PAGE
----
Going vegan? Here’s what you need to know before making the change.

Going vegan? Here’s what you need to know before making the change. The following 12  things you need to know before going vegan.

You’ll need a B-12 supplement

Vitamin B-12 is known as an antianemic vitamin. It is synthesized only by the microorganisms. When humans have a lack of this vitamin they can become anemic. Vitamin B-12 or cobalamin can be found in meat, fish, eggs, and milk. It takes a part in the process of blood creation, growing process, fats and carbohydrate metabolism. Vitamin B-12 is necessary for good concentration and it boosts energy. Recommended daily dose of vitamin B-12 is 2.4 mcg for adults.

Vegans are more likely to develop Vitamin B-12 deficiency. Tiredness, weakness, constipation, loss of appetite, weight loss (the bad kind), nerve problems, and depression are some of the signs of Vitamin B-12 deficiency.

Iron issue

Iron can be found as Heme Iron (this type is found in the muscle tissue of animals) and Non-heme Iron (found in plant foods, as well as meat and eggs).

Heme iron is naturally absorbed more easily by the body than non-heme iron. The absorption of non-heme iron can be greatly influenced by other nutrients you consume. Good vegan iron sources include legumes, sunflower seeds, dried raisins, and dark, leafy greens. Vitamin C-rich foods (think: red peppers, citrus, and broccoli) boost iron absorption. Related: How to boost your Iron absorption.

Your friends and family will ask a lot of questions 

“People are very sensitive about their diets, especially when you challenge what they have always believed,” says plant-based dietitian Julieanna Hever, RD, host of Veria Living’s What Would Julieanna Do? “The best way to minimize conflict is to emphasize that you are going vegan for your own reasons and that it seems to work for you. In other words, make it about you, so nobody feels they need to defend their choices.”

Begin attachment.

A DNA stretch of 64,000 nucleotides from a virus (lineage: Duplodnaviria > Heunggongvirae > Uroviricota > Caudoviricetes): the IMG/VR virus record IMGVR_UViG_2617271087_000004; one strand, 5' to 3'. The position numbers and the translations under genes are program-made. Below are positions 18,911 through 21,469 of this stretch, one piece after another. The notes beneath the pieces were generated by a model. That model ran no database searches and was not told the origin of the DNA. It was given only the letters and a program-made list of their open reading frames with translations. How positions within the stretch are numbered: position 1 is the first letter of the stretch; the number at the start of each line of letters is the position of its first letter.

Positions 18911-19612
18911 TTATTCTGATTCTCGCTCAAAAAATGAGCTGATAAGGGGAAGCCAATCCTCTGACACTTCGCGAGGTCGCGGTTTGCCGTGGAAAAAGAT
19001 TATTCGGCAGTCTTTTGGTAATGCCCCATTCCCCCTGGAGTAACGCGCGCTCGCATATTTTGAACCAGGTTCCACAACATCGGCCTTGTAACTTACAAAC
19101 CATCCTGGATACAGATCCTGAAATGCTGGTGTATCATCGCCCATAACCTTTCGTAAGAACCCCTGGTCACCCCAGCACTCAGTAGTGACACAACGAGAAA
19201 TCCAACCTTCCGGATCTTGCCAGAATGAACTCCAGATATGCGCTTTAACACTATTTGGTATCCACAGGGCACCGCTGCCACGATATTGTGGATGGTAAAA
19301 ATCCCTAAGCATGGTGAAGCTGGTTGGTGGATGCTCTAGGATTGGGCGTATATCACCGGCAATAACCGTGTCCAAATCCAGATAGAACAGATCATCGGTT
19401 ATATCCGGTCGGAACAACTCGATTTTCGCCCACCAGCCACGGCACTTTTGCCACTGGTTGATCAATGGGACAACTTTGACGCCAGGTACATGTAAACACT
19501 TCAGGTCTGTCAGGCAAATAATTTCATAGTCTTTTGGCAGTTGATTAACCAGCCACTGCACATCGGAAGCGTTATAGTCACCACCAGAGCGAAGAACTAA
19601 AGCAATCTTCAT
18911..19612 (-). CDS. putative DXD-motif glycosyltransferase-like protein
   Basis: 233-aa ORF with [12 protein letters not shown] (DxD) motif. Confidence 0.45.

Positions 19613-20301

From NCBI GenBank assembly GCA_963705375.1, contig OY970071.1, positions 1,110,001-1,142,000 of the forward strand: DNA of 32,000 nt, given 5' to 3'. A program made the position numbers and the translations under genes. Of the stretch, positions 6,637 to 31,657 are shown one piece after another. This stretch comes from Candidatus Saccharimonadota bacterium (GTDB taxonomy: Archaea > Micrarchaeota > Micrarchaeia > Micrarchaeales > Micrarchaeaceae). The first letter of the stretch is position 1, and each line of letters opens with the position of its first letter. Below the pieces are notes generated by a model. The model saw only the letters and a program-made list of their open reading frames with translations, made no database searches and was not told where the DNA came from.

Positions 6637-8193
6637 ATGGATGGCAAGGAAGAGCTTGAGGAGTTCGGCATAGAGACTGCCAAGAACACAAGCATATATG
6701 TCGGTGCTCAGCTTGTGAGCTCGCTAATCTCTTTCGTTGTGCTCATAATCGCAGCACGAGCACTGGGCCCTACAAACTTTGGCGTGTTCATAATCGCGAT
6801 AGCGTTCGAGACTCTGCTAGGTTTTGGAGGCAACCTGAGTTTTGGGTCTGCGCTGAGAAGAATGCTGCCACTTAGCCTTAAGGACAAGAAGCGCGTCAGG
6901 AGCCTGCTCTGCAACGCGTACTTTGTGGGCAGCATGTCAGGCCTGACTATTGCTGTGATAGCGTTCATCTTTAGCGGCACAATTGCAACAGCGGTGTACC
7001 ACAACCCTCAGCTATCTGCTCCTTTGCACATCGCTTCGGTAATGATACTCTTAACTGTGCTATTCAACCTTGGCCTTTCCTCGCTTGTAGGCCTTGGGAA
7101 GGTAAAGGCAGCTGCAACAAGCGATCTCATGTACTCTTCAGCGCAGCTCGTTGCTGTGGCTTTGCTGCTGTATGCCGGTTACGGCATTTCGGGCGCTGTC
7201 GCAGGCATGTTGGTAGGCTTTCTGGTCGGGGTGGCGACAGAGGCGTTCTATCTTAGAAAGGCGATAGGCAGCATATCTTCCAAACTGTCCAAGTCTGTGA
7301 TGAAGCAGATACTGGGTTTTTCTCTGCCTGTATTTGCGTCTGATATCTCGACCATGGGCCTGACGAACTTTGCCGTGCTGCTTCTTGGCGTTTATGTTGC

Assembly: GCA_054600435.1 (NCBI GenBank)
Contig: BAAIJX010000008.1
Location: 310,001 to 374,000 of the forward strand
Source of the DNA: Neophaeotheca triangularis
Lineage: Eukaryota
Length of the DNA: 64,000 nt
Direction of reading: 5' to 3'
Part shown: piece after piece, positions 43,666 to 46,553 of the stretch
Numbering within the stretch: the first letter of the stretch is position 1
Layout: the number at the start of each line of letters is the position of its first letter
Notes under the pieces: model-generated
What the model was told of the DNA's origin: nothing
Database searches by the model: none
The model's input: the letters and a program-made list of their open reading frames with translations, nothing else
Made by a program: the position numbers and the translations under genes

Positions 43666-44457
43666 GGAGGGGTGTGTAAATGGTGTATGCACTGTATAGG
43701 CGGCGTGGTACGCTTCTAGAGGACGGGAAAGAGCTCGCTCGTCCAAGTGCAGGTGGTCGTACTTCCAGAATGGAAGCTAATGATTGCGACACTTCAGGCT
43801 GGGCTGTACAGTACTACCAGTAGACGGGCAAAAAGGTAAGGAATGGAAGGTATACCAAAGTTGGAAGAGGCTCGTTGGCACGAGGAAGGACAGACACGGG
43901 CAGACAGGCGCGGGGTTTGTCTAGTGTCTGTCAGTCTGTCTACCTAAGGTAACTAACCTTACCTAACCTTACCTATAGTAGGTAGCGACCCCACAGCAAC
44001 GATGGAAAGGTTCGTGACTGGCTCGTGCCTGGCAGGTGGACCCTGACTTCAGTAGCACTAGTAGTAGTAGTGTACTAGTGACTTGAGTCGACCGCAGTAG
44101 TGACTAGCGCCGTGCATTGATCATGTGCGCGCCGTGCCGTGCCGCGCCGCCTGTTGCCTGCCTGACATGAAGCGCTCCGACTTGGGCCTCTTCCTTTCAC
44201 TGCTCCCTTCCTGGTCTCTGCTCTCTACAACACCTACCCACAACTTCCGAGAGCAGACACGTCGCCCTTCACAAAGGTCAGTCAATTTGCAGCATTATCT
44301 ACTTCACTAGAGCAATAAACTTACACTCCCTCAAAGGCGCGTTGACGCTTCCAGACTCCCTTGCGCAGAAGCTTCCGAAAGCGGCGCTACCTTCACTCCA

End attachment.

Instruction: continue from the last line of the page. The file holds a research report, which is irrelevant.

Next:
You’ll have to find new protein sources

Every meal should contain protein, says vegan dietitian Valerie Rosser, RD. Proteins are the building blocks of life: they break down into amino acids that promote cell growth and repair. The Institute of Medicine recommends that adults get at least 0.8 grams of protein daily for every kilogram of body mass—that’s about 54 grams for a 150-pound woman. The best sources of vegan protein include natural soy, lentils, beans, quinoa, and seitan, Rosser says. Related: 25 Vegan sources.

You shouldn’t replace animal products with junk

Swapping out meat for white bread, pasta, and other packaged foods sets you up for failure on the vegan diet, says Rosser. “It’s not a good idea to trade in animal products, which contain protein, vitamins, and minerals, for processed foods that provide little nutritional value other than calories.” The result: hunger, weight gain, and a grumpier mood. Related: Difference between a Plant-Based diet and a Vegan diet.

Take it easy on soy-based products

In general, critics overstate the dangers of soy and the promoters exaggerate its benefits. Scientists are still arguing over the effects of soy on cancer and heart health. One thing is for certain: “Consuming too much soy-based vegan ‘meat’ is arguably worse (than) consuming high-quality animal products,” says Henderson. Meat substitutes are often highly processed and loaded with sodium and preservatives, so read labels carefully. The healthiest sources of soy are miso, tempeh, tofu, soy milk, and edamame.